Opinion

User management must go the extra mile in network analytics.

Dec 12, 2019

Trust on data intelligence requires robust controls in the process of producing it.

The telecommunications industry makes all the information exchanges that permeate our lives possible. As a result, it transports back and forth sensitive data that must be 100% protected at all times, under strict user management and monitoring policies.

Living up to that heightened responsibility is a tall order for Communications Service Providers (CSPs, or simply telcos). On one hand, they need to keep their customers’ data intact by limiting and controlling who can have access to it; on the other hand, that often conflicts with their aspirations of achieving a larger digital relevance in their spaces – since data-driven intelligence, built and shared across multi-disciplinary teams, is often a prerequisite for it.

Against this backdrop of conflicting needs, developers of network analytics solutions must step up their privacy protection game. Merging the disciplines of analytics, software, and privacy engineering, they must deploy methodologies, tools and techniques that enable their systems to deliver acceptable levels of privacy for telcos to chase their ambitions responsibly.

Network analytics developers must, ultimately, engineer built-in privacy-preserving mechanisms ensuring that telcos will continue to be trusted as guardians of their clients’ data, even – or especially – while they seek new digital roles for themselves.”

Protecting data privacy requires comprehensive action on multiple fronts. And one of them, which tends to be overlooked, is exactly the implementation of thorough user management and user monitoring controls.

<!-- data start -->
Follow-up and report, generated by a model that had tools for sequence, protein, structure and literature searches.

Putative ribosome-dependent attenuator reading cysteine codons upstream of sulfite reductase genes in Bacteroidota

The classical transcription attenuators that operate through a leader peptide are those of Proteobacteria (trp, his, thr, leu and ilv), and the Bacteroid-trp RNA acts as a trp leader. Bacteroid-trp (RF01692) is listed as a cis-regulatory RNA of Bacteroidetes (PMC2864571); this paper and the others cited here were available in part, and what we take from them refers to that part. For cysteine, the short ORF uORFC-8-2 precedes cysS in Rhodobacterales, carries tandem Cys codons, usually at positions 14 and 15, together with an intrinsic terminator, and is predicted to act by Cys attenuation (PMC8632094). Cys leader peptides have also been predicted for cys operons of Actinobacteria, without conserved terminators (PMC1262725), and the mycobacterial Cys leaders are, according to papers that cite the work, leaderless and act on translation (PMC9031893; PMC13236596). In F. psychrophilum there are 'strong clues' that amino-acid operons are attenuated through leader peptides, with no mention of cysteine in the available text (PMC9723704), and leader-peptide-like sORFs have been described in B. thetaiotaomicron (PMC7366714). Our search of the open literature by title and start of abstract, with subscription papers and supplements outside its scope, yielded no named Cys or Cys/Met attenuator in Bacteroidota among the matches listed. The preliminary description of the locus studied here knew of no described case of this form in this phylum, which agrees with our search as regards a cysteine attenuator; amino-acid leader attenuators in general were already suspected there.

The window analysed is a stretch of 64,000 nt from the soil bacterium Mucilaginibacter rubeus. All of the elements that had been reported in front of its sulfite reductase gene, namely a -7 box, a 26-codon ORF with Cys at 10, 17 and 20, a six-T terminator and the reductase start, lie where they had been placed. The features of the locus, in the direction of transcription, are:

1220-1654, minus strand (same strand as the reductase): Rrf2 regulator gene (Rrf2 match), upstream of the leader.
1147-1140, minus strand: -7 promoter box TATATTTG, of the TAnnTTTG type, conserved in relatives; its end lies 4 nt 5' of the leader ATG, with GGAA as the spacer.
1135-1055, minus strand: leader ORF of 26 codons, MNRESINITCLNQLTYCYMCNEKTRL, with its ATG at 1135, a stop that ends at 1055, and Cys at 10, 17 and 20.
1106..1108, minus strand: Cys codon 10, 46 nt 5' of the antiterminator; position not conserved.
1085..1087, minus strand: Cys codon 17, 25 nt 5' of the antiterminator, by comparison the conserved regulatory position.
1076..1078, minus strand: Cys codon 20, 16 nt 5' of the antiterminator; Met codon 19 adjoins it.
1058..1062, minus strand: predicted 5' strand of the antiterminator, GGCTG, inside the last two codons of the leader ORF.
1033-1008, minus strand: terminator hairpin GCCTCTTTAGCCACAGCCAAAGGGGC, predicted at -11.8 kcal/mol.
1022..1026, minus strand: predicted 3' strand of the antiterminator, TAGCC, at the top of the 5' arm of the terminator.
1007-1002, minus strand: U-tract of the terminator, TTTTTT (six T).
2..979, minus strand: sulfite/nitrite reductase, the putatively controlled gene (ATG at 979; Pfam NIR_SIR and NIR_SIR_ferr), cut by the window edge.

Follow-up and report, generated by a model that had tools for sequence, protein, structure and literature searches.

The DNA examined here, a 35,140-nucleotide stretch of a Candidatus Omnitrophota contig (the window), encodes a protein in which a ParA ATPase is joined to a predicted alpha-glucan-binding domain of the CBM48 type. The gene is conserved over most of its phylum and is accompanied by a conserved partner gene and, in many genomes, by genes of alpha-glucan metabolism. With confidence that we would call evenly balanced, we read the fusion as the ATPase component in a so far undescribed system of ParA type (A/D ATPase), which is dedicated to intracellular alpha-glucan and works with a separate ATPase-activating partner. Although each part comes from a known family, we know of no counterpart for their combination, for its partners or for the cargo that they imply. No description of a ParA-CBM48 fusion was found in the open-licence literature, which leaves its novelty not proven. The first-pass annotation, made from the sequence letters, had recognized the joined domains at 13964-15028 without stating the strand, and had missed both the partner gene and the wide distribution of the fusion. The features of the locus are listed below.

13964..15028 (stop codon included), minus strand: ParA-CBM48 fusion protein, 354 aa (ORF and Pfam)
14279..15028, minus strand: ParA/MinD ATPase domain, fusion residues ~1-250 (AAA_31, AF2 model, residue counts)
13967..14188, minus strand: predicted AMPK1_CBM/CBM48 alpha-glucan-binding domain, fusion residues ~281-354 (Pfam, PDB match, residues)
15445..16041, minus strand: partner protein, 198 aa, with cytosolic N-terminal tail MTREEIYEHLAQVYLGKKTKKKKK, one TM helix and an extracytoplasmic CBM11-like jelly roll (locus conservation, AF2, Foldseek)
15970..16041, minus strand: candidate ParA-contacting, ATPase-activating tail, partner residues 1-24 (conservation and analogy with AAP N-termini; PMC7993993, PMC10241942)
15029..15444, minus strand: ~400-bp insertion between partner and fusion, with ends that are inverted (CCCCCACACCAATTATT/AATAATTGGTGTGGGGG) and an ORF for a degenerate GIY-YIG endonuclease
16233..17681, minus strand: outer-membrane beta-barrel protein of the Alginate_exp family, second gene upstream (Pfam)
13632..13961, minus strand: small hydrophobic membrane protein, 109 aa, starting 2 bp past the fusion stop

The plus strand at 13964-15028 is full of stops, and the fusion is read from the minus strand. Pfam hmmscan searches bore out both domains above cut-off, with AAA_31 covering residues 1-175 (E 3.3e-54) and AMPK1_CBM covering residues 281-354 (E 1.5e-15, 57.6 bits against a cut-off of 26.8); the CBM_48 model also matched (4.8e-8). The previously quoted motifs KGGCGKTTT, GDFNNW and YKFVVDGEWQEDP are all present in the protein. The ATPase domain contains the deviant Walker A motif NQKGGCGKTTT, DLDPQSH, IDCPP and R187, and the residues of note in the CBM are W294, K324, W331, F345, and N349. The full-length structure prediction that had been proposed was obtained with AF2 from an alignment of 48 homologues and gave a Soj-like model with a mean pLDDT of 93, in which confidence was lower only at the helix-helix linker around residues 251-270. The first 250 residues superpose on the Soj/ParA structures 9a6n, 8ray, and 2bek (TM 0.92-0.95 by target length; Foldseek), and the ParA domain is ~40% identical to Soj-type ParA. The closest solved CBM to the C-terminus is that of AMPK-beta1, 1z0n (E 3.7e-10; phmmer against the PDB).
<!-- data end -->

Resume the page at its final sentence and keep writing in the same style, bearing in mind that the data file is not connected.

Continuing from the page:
Access control frameworks from network analytics solutions must be configured to match the organisational and data management structure of the telco. Any network analytics platform must be designed with robust, fine-grained access controls, which allow telcos to ensure that their internal users are exposed only to the information that they need to do their jobs – and are lawfully entitled to see.

Beyond providing detailed permission policies, network analytics solutions must also support the reporting and storing of audit trails which can be subsequently tracked for abnormal usage patterns. Telcos must avail the means to make usage log records increasingly more refined. With that, auditors and senior managers can be alerted of, identify and investigate potential misuse of sensitive information, mitigating privacy risks independently from primary users or IT department’s assistance.

Network analytics technology continues to advance, bringing about new opportunities – but also new risks. Its responsible development must proactively combine satisfactory means to seek data impact while controlling potential damages to privacy and data security. Ultimately, it is the network analytics industry’s responsibility to influence and educate its clients, users and employees on the importance of adhering to high ethical standards in leveraging all the data intelligence that it enables.